John Warton – Death Bed Scenes – Infidelity – 1828

From the chapter, ” Having thus begun with tolerably good omens, I proceeded to inquire about his sickness, expressing my fears that it was both painful and dangerous. In answer he was very communicative; and it appeared that his disorder was distressing in the extreme; a vast mass of water collecting perpetually, and discharging itself through every pore of his body; and his respiration being at times so much impeded, that he had scarcely breath enough to tell me his own story. He had been at the nearest hospital, in an early stage of his complaint, when it seemed to be within the reach of art; but had unwisely returned home, before the proper system was tried, because he was deprived of many little things which he considered essential to his comfort. Since this the disorder had increased rapidly; yet he would not admit any idea of danger. In fact, he was manifestly afraid to die”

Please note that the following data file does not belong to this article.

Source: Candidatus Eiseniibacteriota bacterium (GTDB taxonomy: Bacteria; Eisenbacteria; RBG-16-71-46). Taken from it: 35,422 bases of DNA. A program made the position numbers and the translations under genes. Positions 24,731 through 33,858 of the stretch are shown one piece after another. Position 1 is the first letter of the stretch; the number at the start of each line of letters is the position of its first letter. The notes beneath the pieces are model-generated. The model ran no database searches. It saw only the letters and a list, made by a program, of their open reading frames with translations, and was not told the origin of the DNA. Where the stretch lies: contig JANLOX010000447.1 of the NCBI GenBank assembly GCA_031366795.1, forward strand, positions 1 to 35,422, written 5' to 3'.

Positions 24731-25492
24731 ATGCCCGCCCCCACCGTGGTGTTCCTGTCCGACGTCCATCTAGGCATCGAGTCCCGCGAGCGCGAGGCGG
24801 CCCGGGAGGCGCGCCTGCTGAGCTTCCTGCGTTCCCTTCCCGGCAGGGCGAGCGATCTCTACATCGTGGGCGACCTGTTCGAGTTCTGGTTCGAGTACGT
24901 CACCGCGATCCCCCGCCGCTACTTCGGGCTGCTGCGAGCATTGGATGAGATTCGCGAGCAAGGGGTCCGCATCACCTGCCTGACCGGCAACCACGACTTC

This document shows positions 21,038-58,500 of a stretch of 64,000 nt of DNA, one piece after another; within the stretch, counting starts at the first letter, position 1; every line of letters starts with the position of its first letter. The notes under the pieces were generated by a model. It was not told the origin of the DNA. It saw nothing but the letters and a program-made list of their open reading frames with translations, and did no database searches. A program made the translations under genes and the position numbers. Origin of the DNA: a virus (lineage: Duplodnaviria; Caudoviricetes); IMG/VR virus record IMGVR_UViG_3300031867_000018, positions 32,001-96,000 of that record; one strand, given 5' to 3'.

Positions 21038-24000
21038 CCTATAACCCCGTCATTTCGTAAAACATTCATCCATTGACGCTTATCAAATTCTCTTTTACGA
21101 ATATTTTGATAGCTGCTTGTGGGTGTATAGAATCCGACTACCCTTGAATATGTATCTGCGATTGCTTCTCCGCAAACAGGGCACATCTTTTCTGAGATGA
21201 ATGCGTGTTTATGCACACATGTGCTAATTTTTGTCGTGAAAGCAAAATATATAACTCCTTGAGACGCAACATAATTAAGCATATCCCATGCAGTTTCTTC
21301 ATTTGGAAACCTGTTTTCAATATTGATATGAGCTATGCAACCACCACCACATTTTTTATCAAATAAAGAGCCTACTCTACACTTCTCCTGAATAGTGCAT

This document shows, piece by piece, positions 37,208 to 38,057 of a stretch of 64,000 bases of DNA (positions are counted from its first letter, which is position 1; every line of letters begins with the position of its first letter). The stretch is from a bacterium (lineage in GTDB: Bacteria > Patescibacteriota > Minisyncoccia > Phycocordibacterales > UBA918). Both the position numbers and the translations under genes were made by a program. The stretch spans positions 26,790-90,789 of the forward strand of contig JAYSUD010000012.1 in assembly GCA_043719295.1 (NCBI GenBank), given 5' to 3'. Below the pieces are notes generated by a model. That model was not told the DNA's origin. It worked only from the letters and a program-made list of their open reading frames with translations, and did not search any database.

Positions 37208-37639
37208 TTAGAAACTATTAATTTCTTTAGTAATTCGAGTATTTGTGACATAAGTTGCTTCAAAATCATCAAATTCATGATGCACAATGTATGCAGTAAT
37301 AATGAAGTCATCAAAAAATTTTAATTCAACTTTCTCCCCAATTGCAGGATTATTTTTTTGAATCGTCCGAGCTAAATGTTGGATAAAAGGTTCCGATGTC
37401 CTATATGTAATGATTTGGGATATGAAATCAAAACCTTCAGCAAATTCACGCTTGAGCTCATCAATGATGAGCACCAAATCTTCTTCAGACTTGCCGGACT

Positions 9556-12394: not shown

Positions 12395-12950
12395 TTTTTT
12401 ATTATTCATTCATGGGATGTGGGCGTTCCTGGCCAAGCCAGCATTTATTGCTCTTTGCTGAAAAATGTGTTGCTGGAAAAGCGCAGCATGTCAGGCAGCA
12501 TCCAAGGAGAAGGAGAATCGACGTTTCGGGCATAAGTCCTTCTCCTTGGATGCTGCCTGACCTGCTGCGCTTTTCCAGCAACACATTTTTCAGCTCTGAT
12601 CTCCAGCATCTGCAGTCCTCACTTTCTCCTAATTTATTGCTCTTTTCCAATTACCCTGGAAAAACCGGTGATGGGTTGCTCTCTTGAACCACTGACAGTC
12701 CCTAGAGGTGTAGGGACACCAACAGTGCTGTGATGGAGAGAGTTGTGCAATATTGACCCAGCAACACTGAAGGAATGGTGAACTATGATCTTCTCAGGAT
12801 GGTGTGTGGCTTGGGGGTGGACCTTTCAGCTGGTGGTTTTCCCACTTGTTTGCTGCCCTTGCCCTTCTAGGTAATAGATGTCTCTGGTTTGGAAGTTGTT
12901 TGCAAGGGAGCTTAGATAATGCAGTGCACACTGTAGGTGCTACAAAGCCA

Death Bed Scenes – Infidelity 1828